Trichinella Spiralis (Trichnellosis)

Article Author:
Prashanth Rawla
Article Editor:
Sandeep Sharma
Updated:
6/26/2019 12:21:05 PM
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Trichinella Spiralis (Trichnellosis)

Introduction

Trichinellosis also called trichinosis results from roundworms (nematodes) from the genus Trichinella. It is a parasitic infection. It is caused by consuming undercooked or raw meat (usually pork). Trichinella spiralis species is the common cause of human disease by eating raw or undercooked pork. Although, other mammals like wild carnivores and horses can be reservoirs of infection. It can cause symptoms varying from generalized fever, abdominal pain, diarrhea, nausea, vomiting’s, myalgia to more severe like myocarditis and encephalitis.

Etiology

Trichinella spiralis is a nematode (roundworm) parasite.[1] It possesses the capability of infecting a wide range of mammals including pigs, horses, reptiles, and birds but it causes disease only in humans. By eating improperly cooked or raw pork, horse, or other domestic animal meat and wild game meat like bear meat, humans acquire the infection. Some reports have mentioned an occasional acquisition of the disease by ingestion of reptile meat, including lizards and turtles.[2] There are no reports of human to human transmission.

Epidemiology

Trichinellosis occurs worldwide, and estimates are that about 10000 cases occur each year.[3] Cases usually tend to occur in clusters among groups of people who have consumed infected meat from a common animal.[4] There are nine species of Trichinella, and thus far reports exist of twelve genotypes trichinella.[5] The most common species of trichinella which can cause human disease is Trichinella spiralis, although other species of Trichinella implicated in human disease are: T. nativa, T. nelson, T. britovi, T. pseudospiralis, T. murelli, T. papuae.[5][6] Per the Centers for Disease Control and Prevention around 400 cases of trichinellosis were reported every year in the 1940s, but now the number of reported cases has dropped significantly and has been around 20 cases every year from 2008 to 2010.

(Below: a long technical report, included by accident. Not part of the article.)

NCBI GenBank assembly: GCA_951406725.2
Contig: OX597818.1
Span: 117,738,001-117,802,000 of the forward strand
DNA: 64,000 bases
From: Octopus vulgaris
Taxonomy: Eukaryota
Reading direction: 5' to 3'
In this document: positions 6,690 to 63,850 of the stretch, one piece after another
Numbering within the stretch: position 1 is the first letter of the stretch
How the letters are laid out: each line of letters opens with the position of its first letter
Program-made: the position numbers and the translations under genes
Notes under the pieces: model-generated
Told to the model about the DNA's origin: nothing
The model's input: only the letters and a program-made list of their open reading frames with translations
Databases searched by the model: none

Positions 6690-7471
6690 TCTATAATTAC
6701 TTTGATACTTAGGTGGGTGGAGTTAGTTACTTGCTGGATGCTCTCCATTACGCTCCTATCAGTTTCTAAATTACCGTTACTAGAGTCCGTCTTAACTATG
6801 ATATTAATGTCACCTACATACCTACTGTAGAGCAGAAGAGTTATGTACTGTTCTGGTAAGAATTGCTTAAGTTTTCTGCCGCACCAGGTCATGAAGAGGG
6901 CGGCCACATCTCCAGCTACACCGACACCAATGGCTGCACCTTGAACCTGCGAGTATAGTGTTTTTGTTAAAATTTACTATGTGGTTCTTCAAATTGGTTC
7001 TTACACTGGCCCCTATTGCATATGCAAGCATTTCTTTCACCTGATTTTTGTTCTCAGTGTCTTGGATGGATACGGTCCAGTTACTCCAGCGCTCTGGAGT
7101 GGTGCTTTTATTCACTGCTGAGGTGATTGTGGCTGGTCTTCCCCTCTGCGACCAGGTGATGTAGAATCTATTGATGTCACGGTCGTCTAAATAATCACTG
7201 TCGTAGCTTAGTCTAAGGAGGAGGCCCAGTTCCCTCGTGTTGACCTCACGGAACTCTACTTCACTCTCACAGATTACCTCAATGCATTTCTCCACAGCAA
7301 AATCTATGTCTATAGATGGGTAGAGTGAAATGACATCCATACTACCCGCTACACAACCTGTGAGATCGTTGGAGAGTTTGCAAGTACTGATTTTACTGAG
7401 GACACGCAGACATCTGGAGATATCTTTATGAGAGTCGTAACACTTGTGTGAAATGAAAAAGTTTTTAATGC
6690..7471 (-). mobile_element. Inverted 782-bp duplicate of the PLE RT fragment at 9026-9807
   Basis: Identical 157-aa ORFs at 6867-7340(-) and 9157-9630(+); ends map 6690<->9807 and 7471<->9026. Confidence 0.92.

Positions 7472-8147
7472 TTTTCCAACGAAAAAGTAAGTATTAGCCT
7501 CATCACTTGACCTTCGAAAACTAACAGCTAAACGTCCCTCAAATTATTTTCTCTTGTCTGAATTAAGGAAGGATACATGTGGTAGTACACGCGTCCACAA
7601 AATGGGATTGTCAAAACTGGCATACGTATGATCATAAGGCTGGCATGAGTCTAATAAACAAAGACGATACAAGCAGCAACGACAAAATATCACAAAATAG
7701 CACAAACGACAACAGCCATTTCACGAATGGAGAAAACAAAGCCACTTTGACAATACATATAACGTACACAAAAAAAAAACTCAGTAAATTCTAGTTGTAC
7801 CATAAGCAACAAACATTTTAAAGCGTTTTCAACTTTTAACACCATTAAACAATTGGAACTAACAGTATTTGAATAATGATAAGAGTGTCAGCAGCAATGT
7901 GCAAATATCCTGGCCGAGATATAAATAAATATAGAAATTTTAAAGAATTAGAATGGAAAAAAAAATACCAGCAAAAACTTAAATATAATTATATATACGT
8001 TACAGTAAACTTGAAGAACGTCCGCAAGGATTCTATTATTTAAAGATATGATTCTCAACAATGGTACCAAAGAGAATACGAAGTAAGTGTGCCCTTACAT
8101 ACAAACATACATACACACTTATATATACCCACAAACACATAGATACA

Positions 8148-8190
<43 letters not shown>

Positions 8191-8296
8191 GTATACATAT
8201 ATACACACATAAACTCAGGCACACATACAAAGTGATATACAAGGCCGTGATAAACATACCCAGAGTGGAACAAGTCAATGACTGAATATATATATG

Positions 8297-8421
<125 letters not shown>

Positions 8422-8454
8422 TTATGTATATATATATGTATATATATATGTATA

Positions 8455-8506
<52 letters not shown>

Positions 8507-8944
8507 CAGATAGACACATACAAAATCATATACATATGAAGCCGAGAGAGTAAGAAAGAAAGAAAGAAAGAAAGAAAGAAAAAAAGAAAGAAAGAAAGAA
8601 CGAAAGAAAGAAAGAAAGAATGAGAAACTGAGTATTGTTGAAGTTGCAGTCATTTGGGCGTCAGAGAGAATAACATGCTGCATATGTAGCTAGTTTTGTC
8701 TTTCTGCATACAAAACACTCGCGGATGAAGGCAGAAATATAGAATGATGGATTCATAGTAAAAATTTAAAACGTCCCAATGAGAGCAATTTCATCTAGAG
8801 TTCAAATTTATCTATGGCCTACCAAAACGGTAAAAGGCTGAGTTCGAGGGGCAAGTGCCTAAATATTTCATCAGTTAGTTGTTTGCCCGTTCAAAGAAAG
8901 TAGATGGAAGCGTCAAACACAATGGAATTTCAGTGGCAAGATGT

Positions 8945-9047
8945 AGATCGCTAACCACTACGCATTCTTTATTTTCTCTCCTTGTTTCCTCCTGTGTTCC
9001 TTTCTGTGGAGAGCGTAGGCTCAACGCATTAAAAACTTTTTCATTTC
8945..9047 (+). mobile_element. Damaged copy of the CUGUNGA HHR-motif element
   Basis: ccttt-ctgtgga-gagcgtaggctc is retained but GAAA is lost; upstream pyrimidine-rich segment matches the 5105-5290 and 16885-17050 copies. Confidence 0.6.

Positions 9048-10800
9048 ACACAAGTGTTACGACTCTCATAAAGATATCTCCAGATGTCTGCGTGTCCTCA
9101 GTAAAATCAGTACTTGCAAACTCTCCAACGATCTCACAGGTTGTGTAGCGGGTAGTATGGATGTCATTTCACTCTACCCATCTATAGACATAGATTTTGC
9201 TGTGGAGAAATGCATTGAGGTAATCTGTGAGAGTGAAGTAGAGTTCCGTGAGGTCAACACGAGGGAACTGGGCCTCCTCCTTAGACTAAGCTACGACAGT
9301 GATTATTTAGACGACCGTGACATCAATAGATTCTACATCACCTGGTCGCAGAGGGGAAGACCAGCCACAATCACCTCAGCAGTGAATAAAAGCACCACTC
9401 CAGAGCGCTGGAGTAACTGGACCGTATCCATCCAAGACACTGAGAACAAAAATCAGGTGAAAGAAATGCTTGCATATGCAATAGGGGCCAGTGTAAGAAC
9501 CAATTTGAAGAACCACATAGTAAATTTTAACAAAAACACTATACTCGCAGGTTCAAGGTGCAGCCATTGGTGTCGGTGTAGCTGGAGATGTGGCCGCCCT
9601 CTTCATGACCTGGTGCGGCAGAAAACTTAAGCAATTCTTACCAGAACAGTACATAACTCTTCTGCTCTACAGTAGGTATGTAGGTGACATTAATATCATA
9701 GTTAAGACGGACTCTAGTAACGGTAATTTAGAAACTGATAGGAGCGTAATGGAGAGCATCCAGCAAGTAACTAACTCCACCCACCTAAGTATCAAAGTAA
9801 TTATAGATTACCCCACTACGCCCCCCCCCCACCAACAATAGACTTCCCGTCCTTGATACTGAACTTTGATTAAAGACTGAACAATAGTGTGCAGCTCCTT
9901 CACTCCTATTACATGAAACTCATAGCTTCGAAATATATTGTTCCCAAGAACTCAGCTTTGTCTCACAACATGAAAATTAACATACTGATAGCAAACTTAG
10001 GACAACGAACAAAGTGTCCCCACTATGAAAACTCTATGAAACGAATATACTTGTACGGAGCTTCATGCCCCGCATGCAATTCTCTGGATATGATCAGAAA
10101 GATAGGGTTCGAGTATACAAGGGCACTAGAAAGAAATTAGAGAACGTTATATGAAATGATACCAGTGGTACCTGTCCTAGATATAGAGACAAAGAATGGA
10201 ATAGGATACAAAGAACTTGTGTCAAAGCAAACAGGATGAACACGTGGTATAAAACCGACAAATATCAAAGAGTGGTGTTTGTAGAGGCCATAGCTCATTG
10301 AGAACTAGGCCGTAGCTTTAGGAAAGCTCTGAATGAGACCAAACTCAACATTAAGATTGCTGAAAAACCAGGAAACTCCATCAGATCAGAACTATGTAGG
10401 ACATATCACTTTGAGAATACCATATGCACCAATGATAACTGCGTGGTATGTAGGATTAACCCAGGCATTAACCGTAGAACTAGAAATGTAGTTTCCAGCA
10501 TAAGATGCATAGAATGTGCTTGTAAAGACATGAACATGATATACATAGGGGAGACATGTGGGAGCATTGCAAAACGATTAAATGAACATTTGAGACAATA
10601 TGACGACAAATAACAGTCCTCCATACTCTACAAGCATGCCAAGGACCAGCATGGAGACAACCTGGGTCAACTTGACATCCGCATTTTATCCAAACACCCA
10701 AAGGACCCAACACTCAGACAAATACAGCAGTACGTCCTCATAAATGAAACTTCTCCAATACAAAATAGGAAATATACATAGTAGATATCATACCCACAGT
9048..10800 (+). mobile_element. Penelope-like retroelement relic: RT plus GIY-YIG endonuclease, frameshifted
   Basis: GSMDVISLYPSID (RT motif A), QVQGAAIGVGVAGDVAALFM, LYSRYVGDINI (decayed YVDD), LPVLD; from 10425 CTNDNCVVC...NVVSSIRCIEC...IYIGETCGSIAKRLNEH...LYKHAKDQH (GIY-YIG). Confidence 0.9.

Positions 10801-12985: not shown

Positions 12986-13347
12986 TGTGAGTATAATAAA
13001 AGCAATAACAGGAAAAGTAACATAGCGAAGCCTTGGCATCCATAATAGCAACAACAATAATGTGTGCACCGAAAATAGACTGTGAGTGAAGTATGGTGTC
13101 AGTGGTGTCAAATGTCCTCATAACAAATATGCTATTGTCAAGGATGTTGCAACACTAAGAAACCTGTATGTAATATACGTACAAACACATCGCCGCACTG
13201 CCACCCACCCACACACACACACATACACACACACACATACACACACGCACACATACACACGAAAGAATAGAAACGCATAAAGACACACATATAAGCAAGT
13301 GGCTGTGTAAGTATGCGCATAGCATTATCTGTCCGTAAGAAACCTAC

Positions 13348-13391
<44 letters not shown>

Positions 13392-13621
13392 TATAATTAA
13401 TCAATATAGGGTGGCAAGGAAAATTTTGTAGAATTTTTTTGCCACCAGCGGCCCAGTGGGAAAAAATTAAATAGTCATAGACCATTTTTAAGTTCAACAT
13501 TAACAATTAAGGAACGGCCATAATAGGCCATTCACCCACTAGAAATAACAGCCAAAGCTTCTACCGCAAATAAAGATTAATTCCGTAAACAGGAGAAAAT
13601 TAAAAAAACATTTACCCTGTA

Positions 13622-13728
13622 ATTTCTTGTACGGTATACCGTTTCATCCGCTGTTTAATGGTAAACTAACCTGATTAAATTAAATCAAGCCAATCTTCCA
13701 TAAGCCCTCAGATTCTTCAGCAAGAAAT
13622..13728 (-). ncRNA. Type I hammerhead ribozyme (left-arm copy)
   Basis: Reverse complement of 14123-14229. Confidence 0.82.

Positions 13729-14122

Life cycle[3]:

  • The life cycle of trichinellosis divides into two stages: 1) domestic cycle and 2) sylvatic cycle
    • Domestic cycle: affects domestic animals, particularly swine, rodents, horses
    • Sylvatic cycle: affects wildlife like bear, wild boar, moose

Pathophysiology

Ingestion of undercooked or raw meat from domestic or sylvatic animal containing encysted larvae of Trichinella species can lead to Trichinellosis. T. spiralis results from the consumption of inadequately cooked or raw pork from domestic pigs.[7]

Enteric or gastrointestinal phase: After ingestion of infected meat by humans, the enzymes pepsin and hydrochloric acid act in the stomach and cause the release of the 1st stage of the larvae. These larvae invade the small intestine. Invasion can be asymptomatic or sometimes associated with abdominal pain, diarrhea, nausea, vomitings. Larvae then turn into adults and mate. Female trichinella worms produce larvae, which completes the gastrointestinal or enteric phase.

Systemic (parenteral) phase: Larvae enter the lymphatic circulation and then into the blood, reaching skeletal muscles, myocardium, and brain which are high in oxygen content. This phase leads to systemic symptoms like fevers, myositis, myalgias, periorbital edema and can even cause myocarditis and encephalitis.

History and Physical

Infection results from the consumption of raw or undercooked meat (especially pork). The incubation period is 1 to 6 weeks. In humans, the severity of infection severity of infection is related to the number of larvae ingested.[8]

Gastrointestinal symptoms are the first symptoms of trichinellosis. They usually occur in 2 to 7 days after consumption of raw or undercooked meat. Symptoms include abdominal pain, diarrhea, nausea, and vomiting.

Classic trichinellosis symptoms usually occur in 2 weeks after consumption of raw or undercooked meat and can last up to 8 weeks. Symptoms include fevers, chills, myalgias, periorbital or facial edema, weakness, and fatigue. Reports also exist of prolonged diarrhea.[9]. Other common symptoms are conjunctivitis and subconjunctival hemorrhages seen in about 50% of patients.[10] Splinter hemorrhages on nailbeds (subungual) and retinal hemorrhages can also occur.

Other less common manifestations include a headache, cough, rash, headache, dyspnea, and dysphagia. Hepatomegaly can also occur occasionally.[11] 

Severe complications include myocarditis, life-threatening arrhythmias, meningitis, encephalitis, respiratory myositis, secondary bacterial pneumonia, hematuria, and renal failure.[12][13][14][15]

Evaluation